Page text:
An updated review of alien species on the coasts of Turkey

Cinar M. E., Bilecenoglu M., Ozturk B., Katagan T., Yokes M. B., Aysel V., ...More

MEDITERRANEAN MARINE SCIENCE, vol.12, no.2, pp.257-315, 2011 (SCI-Expanded) identifier identifier

  • Publication Type: Article / Review
  • Volume: 12 Issue: 2
  • Publication Date: 2011
  • Doi Number: 10.12681/mms.34
  • Journal Indexes: Science Citation Index Expanded (SCI-EXPANDED), Scopus
  • Page Numbers: pp.257-315
  • Çanakkale Onsekiz Mart University Affiliated: Yes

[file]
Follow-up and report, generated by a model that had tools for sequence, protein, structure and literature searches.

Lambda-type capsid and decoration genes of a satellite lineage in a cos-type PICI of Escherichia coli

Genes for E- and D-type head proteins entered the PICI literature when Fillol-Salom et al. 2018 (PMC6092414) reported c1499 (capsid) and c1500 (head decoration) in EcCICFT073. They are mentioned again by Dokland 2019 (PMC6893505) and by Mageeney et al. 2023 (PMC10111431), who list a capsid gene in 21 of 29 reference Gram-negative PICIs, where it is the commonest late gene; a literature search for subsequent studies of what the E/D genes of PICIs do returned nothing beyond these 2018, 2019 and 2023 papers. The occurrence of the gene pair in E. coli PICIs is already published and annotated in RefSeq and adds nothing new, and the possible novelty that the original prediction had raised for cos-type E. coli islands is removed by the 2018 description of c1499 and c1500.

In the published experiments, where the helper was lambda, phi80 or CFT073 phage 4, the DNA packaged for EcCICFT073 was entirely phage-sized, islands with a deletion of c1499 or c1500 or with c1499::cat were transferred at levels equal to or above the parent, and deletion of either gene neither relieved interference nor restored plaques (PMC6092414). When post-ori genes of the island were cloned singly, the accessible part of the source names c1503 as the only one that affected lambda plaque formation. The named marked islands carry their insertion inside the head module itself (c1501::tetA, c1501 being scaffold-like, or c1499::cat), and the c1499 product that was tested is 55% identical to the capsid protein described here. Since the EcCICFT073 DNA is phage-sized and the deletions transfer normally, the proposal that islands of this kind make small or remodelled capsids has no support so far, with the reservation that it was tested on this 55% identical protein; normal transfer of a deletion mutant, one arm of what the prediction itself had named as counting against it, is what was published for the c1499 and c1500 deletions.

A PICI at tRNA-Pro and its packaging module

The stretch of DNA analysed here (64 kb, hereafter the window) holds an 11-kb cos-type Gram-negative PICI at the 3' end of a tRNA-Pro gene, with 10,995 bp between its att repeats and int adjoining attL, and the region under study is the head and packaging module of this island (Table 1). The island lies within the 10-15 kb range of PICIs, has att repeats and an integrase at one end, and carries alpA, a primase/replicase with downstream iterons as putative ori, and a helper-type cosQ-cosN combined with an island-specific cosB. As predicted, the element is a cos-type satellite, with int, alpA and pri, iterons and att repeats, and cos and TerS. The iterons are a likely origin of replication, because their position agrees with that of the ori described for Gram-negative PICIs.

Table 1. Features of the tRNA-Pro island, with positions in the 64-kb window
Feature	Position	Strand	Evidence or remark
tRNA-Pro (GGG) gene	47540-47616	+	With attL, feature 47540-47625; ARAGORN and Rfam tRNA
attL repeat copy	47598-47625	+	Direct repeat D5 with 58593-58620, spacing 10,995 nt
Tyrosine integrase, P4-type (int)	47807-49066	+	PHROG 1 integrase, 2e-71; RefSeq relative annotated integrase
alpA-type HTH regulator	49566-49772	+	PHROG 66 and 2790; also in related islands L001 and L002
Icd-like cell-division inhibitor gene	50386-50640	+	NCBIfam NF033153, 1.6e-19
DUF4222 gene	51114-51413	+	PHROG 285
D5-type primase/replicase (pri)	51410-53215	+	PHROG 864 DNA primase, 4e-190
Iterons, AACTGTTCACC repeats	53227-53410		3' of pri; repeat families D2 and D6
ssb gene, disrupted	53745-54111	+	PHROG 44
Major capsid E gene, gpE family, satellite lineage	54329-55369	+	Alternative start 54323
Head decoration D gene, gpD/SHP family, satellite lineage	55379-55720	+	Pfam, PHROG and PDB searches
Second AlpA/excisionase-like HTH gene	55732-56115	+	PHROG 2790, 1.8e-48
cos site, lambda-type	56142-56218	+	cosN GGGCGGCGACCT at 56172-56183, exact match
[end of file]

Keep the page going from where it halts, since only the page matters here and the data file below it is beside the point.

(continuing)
This 2010 review of alien species along the coasts of Turkey represents a total of 400 alien species belonging to 14 systematic groups. The present paper also reports the first findings of Vanderhorstia mertensi in the Aegean Sea (Gokova Bay), Chama adspersa in the Sea of Marmara and Mya arenaria in the Aegean Sea. A total of 124 new alien species was determined within the last 5 years. Mollusca had the highest number of species (105 species), followed by Polychaeta (75 species), Crustacea (64 species) and Pisces (58 species). The highest number of alien species (330 species) were encountered on the Levantine coast of Turkey, followed by the Aegean Sea (165 species), Sea of Marmara (69 species) and Black Sea (20 species). The Suez Canal (66% of the total number of alien species) is the main vector for species introductions to the coasts of Turkey, followed by the shipmediated transport (30%). The majority of species (306 species, 76% of total number of species) have become established in the area, while 59 species are classified as casual (15%), 23 species as questionable (6%) and 13 species as cryptogenic (3%). One new alien species was introduced to the coasts of Turkey every 4 weeks between 199:1 and 2010. The majority of aliens were found on soft substratum (198 species) in shallow waters (0-10 m) (319 species). Some species such as Caulerpa racemosa, Amphistegina lobifera, Amphisorus hemprichii, Rhopilema nomadica, Mnemiopsis leidyi, Hydroides spp., Ficopomatus enigmaticus, Charybdis longicollis, Rapana venosa, Asterias rubens, Siganus spp. and Lagocephalus sceleratus show a highly invasive character, and have great impacts both on the prevailing ecosystems and humans.